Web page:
Undeterred, in 2007 geneticists in New Zealand reported that 56 percent of Maori males were carriers of MAOA-L, which scientists and the media were now calling "the warrior gene." "It is well recognized," the researchers commented in The New Zealand Medical Journal, "that historically Maori were fearless warriors." This racial profiling was based on a study of 46 men, who needed to have only one Maori parent to be defined as Maori. MAOA-L is reportedly less common among Caucasians (34 percent) and Hispanics (29 percent), but more common among Africans (59 percent) and Chinese (77 percent).

The warrior gene made headlines again in 2009, when Rose McDermott, a political scientist at Brown University, and four colleagues reported that MAOA-L carriers were more likely than noncarriers to respond with "behavioral aggression" toward someone they thought had cheated them out of money. "Behavioral aggression" was defined as making the "cheater" consume hot sauce. The Dr. Phil talk show, ABC News, and other media hailed the McDermott experiment as evidence that some people are "born to be violent," as a recent National Geographic broadcast put it.

Even granting that inflicting hot sauce on someone counts as "physical aggression," the McDermott study provided little to no evidence for the warrior gene, since the difference between carriers and noncarriers was minuscule. The researchers examined 70 subjects, half of whom carried the warrior gene. Seventy-five percent of those carriers "meted out aggression" when cheated—but so did 62 percent of the noncarriers. When subjects were cheated out of smaller amounts of money, there was no difference between the two groups.

Now, before I get accused of being a blank-slater, let me give biology its due. Crime, like everything we do and think, is underpinned by biology, including genes that we inherit from our parents and previous ancestors. Animal-breeding experiments have established that physical aggression is in part a variable, heritable trait. Anyone who has watched toddlers playing and squabbling has surely reached the same conclusion about humans. And of course most criminals, especially violent ones, carry a Y chromosome.

Also, there does seem to be tentative evidence for a genetic predisposition to psychopathy, which is suddenly the disorder du jour (perhaps in part because of the terrific television series Dexter, about a psychopathic killer of serial killers). Psychopathy is characterized by aggression combined with abnormal lack of empathy for others. Psychopaths are not merely callous; they may actually have difficulty recognizing fearful or sad expressions in others, according to a 2010 article in Scientific American, "Inside the Mind of a Psychopath," by the neuroscientists Kent Kiehl and Joshua Buckholtz. They estimated that as many as 1 percent of all males and a smaller percentage of women—and from 15 to 35 percent of U.S. prisoners—may be psychopaths.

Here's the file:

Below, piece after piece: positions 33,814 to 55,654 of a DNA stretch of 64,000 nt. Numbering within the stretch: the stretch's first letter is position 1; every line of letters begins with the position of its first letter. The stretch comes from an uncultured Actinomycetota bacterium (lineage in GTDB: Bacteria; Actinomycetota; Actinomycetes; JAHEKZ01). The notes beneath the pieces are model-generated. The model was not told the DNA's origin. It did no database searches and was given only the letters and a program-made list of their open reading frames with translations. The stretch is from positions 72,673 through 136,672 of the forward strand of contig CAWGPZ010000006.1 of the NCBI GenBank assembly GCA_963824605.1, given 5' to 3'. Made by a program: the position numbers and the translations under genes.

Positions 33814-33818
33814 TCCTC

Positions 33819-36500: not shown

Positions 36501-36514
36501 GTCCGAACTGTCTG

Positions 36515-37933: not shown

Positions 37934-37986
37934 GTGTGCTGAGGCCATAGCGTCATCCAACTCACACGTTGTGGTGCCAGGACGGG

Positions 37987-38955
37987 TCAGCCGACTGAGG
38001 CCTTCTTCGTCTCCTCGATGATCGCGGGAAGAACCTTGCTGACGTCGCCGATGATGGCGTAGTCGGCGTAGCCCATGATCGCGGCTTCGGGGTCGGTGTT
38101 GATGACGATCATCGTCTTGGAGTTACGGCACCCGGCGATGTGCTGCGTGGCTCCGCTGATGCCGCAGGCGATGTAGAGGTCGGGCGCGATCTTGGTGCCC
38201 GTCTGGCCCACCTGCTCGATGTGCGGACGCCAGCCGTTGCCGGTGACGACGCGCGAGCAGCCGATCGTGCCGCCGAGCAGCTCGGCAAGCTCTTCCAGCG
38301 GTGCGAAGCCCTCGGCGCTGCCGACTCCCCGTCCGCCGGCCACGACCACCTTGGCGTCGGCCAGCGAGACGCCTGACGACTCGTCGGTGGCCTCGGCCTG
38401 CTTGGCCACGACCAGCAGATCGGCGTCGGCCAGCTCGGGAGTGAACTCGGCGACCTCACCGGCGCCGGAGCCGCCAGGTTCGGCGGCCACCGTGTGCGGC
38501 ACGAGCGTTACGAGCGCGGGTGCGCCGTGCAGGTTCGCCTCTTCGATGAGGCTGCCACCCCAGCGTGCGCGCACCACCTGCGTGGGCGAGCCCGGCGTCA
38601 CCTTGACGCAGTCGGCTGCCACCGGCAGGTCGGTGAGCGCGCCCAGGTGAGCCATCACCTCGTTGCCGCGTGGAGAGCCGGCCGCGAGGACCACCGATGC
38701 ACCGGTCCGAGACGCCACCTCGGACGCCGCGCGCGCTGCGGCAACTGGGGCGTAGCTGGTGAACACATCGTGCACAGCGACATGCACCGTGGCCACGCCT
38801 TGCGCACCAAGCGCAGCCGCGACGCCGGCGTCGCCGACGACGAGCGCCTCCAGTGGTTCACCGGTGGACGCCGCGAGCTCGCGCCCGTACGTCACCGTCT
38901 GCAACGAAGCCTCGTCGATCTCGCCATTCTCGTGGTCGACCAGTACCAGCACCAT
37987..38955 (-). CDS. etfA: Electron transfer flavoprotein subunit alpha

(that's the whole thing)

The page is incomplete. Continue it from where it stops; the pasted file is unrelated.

Evidence that psychopathy emerges quite early in life and may be partially inherited has emerged from studies of young twins by, among others, Adrian Raine. If one identical twin scores high in psychopathy, the other is likely to as well, more so than if the twins are fraternal. Raine also claims to have found congenital brain features, such as abnormalities of the amygdala, associated with childhood psychopathy. He recommends testing children for these neuro-markers and providing pre-emptive treatments, such as psychotherapy, so they don't become criminals.

I think labeling children as bad seeds will do more harm than good and has little scientific justification. Raine acknowledges that psychopathy stems from nurture as well as nature. Also, psychopathy is not a discrete syndrome, which you either have or don't have; it comes in degrees. Far from being compulsively violent criminals, many people with psychopathic traits can be quite successful, especially in fields that reward ruthlessness, such as business, law, and politics (but not science journalism; we're all pussycats). Most psychopaths are not criminals, and most criminals are not psychopaths.

Finally, no genetic syndrome can account for major fluctuations in crime rates across time and distance. For example, the U.S. homicide rate is less than a tenth that of El Salvador and almost 10 times higher than that of Japan. U.S. homicide rates—and other major crimes—have fallen by more than 50 percent since peaking in 1991, dropping even through the recent economic downturn. Maybe a few monsters, like Richard Speck or Ted Bundy, are born to be bad, but most crimes clearly stem from mutable environmental factors, and most criminals can redeem themselves.

I've kept out of jail since my lost weekend in Florida. Maybe reductionist criminology can make good, too.

John Horgan is a science journalist and director of the Center for Science Writings at the Stevens Institute of Technology. His books include The End of Science (Addison-Wesley, 1996) and Rational Mysticism (Houghton Mifflin, 2003).